First Year Pre-service Teachers' Learning about Behaviour Management

Year: 2009

Author: Peters, Judith

Type of paper: Refereed paper

The management of student behaviour is widely recognised as one of the greatest challenges facing pre-service, beginning and experienced teachers (McCormack, 1996). Studies have found that some beginning teachers attribute their behaviour management difficulties to lack of attention to this area during their teacher education program (Australian Education Union, 2008; TTA NQT Survey, 2005, cited in Bromfield, 2006). Yet there have been few studies that focus on pre-service teachers' learning about behaviour management during their program (McNally, I'anson, Whewall and Wilson 2005; McCormack, 2006). Many studies and reports have pointed to the important role of professional experience in pre-service teachers' learning (see for example House of Representatives Standing Committee and Vocational Training, 2007; Author 2009). This study sought to address identified gaps in the field by examining first year pre-service teachers' perceptions of learning about behaviour management after their initial professional experience.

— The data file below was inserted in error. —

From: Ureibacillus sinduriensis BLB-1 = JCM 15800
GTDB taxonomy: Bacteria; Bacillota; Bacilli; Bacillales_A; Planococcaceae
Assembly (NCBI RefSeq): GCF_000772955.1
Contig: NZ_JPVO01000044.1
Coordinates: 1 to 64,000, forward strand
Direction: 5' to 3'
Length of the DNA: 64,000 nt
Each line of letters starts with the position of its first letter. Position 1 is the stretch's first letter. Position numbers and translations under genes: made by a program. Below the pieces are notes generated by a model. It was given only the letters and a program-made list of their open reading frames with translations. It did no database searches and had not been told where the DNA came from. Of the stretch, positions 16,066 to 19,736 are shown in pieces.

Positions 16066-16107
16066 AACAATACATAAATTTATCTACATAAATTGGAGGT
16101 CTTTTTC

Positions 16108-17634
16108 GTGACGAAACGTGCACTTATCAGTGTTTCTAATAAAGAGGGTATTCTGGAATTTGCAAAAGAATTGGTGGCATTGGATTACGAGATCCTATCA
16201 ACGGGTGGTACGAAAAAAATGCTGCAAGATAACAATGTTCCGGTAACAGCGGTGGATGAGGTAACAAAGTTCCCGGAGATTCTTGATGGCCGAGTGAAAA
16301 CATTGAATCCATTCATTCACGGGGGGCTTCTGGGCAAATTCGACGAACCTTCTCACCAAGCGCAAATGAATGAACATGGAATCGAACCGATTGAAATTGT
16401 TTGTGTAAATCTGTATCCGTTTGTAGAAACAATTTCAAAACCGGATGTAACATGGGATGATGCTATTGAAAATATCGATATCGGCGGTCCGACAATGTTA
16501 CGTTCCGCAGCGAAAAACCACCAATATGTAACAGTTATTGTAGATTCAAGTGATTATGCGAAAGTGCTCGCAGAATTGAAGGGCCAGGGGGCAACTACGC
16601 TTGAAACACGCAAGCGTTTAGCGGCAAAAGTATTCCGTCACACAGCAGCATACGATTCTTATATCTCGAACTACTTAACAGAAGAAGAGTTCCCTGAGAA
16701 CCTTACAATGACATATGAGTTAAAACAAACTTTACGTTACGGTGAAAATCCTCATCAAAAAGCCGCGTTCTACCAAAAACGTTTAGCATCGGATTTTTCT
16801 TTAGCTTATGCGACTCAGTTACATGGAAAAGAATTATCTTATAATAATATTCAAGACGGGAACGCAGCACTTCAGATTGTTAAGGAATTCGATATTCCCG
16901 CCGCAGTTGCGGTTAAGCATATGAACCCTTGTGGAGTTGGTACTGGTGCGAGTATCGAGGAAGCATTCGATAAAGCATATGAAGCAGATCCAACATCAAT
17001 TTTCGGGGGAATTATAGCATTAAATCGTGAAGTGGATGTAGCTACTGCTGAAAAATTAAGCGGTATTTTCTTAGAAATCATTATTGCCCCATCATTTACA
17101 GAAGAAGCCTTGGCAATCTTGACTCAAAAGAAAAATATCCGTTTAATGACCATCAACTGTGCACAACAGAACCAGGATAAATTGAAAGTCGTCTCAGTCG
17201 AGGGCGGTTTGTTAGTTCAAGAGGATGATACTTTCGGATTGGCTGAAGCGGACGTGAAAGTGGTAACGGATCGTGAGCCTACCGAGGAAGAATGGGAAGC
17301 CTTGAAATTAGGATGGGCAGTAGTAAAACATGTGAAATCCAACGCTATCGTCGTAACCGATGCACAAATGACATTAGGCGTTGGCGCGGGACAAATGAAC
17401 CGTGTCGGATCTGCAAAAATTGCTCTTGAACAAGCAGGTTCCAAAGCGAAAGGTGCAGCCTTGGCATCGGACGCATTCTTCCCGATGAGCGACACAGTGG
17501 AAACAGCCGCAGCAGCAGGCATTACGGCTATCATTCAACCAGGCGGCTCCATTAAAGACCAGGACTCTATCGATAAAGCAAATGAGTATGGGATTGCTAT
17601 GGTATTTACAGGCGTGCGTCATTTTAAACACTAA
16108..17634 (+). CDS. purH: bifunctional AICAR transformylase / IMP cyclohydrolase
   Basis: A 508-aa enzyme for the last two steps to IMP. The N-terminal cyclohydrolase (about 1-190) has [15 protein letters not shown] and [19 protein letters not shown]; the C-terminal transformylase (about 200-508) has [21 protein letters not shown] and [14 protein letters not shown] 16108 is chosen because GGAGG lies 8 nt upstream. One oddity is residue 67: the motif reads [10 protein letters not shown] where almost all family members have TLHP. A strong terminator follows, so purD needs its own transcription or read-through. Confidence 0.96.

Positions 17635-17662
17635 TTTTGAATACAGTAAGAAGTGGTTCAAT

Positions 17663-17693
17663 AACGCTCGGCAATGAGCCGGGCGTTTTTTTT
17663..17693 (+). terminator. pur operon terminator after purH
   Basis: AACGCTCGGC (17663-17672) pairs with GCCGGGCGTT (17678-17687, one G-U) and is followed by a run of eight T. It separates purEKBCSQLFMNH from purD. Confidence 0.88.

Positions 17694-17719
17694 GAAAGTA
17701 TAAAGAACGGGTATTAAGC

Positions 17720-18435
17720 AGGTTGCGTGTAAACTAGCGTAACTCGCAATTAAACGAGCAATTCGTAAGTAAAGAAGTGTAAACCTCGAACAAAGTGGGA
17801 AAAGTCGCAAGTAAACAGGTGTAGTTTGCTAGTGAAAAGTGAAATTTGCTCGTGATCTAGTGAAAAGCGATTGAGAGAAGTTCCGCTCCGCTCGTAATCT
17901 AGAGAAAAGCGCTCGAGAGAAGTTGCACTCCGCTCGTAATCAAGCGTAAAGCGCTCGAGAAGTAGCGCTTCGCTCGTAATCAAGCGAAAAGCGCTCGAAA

Data for the study were collected via a questionnaire administered to all first year students after their first five day program of professional experience. The professional experience program was delivered by five schools in close partnership with lecturers in the course and was intended to provide a highly structured and supportive introduction to teaching for 25 - 30 pre-service teachers in each school. The participating schools were selected for their ability to model best practice.

Analysis of quantitative and qualitative data from the questionnaire produced a number of themes and insights into students' learning about behaviour management. In the paper these are compared and contrasted with a frame-work of seven key principles of best practice developed by the MCEETYA Student Behaviour Management Project (De Jong, 2005). The analysis revealed that the pre-service teachers had learnt about many aspects that were congruent with these principles. It also revealed notable gaps in their learning which will need to be addressed in the course in future years and in the remainder of the degree if they are to become effective teachers upon graduation. These gaps were in the areas of: understanding the complex and interconnected nature of pupil behaviour and the environments in which it is constructed; applying professional judgment in responding to different students in different contexts; managing chronically disruptive students; and engaging within wider support systems. This paper presents and discusses the findings from the study and makes a number of suggestions as to how the gaps in pre-service teachers' learning might be addressed.